Houston Mini Storage - Moving Box

Using a Katy or Cypress self storage facility is so convenient that you might be tempted to just shovel everything into boxes. That would be a mistake; Kay and Cypress mini storage is a great way to free up room in your home or apartment, but it is not exactly the same as having your belongings where you can use them every day. It takes a little planning to keep everything as fresh and clean as it was when you packed it. This is especially true of books.

Although most people think of them as permanent, books are surprisingly fragile. Rough handling can leave fingermarks, deform bindings, dent covers and leave a dapper best seller looking like a flea market reject. Pages can be dulled by sunlight, nibbled by pests or rotted away by moisture and mold. Strange as it sounds, a book can even be damaged by coming into contact with the wrong kind of paper! But do not worry. Just follow these book storage tips, and your books will do just fine in a Cypress or Katy climate controlled storage.

What You Will Need

A notebook. Use this to keep a list of which books are in which box. That way you will be able to find that old favorite without searching your entire library.

Acid and lignin free packing paper. Newsprint and other common household papers contain acid, which can damage books. Acid free paper can be used to safely wrap books or pad boxes.

Mylar or polyester film, or zip top plastic bags. Film wraps are an easy way to preserve a book’s cover art. Be sure to use a film that is colorless and chemically stable. You can choose between the plastic covers used by libraries, or simply cut the plastic the same size as the open book, plus a bit extra at each end. Crease the extra plastic so that it stays between the cover and the pages.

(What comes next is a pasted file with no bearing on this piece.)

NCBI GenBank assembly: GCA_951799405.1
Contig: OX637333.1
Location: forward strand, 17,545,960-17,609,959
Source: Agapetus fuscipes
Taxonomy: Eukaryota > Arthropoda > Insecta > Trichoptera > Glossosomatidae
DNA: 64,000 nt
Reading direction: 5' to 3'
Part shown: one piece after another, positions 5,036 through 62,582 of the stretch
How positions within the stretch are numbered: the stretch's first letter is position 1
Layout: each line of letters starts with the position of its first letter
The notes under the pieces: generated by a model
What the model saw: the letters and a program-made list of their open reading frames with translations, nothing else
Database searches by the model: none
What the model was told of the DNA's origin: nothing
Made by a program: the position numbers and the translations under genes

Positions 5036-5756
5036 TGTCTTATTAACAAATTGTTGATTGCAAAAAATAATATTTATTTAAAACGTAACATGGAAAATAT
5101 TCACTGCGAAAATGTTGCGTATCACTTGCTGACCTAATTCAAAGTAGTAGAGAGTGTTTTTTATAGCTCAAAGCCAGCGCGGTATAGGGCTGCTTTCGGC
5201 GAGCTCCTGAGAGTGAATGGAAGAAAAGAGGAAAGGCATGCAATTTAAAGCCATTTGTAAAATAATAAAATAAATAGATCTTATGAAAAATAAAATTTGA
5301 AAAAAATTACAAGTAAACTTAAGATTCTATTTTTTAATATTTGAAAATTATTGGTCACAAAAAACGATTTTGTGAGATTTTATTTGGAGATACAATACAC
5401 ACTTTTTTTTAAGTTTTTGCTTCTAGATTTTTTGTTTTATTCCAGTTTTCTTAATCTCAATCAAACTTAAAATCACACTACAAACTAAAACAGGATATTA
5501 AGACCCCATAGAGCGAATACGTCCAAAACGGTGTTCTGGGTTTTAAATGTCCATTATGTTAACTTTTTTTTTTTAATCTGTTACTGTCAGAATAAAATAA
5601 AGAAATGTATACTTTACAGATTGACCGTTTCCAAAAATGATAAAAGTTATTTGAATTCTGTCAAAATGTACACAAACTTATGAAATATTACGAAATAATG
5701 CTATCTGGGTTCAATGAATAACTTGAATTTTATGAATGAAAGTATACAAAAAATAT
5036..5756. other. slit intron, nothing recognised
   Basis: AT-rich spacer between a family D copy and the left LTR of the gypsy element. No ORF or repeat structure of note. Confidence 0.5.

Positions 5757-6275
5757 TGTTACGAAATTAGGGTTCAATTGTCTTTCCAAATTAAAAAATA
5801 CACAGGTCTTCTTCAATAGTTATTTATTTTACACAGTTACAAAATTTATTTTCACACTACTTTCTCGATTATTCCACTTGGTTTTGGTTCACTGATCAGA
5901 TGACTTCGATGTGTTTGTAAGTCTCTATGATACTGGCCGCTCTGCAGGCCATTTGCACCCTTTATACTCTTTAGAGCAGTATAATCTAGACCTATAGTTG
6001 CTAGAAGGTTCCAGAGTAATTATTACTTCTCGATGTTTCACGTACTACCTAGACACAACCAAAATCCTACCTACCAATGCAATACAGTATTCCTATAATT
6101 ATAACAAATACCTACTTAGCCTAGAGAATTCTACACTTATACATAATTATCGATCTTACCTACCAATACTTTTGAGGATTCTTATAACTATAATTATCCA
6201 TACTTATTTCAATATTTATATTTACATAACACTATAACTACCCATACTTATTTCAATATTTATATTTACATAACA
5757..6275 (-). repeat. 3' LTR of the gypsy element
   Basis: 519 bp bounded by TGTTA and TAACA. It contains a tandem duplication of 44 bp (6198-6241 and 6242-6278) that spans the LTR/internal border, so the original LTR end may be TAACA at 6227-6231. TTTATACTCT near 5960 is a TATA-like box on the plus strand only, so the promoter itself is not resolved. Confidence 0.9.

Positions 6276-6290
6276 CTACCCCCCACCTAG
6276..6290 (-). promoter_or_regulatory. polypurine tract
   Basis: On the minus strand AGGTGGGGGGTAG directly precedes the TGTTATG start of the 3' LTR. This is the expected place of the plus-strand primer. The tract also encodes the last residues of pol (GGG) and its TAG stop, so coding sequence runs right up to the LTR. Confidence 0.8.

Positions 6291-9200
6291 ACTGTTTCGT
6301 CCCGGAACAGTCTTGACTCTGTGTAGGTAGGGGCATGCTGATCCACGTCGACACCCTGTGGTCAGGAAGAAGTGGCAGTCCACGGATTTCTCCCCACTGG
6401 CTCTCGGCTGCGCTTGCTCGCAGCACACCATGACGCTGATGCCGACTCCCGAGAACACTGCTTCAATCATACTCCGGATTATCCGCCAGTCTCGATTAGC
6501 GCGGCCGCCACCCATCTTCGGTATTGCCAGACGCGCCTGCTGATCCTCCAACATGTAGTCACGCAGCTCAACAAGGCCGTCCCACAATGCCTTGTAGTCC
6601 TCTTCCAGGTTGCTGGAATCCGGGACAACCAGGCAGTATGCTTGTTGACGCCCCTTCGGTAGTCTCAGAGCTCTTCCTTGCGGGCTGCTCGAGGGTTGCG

Zipper topped storage bags made for kitchen use can also be used to protect books. Choose a brand made from polyethylene. Before sealing, press out any air that might be trapped inside. This helps save packing space in the box.

Storage boxes. Cardboard boxes should be free of acid and lignin. Plastic boxes can be made from polyethylene or polypropylene, so long as they do not have an anti-slip coating. Do not get the largest boxes you can find; books are heavy, even paperbacks.

Sealing tape. Once a box is packed and inventoried, all the openings should be sealed with tape. The bottom seams of cardboard boxes are a great place for pests to creep in, and the gap between a plastic tote and its lid is often large enough for a mouse to squeeze through.

How to Pack

Begin with a clean page. Dust the edges of each closed book, wiping away from the spine. Make sure the book is free of debris, bookmarks, or other items.

Lay books flat, if possible. Pack according to size, not according to subject. This helps conserve space and keep the books from shifting during transit. Do not let the boxes get too heavy to lift easily. Pad out any empty spaces, and take care not to leave a gap at the top. This can leave a weak spot when you stack the boxes.

Seal the tops and bottoms of cardboard boxes. Plastic totes should be sealed with duct tape or some other flexible, sticky tape that will not dry out in storage.

How to Store

It is usually a good idea to put books up on pallets or two-by-fours, in case something else you are storing leaks. Begin with the heaviest boxes, and stop when the top box is still low enough to lift comfortably. Stacking boxes too high can lead to back strain.

What Next?

Take a break. Your books are packed and secure, and they will be waiting for you to read them again, whenever you want.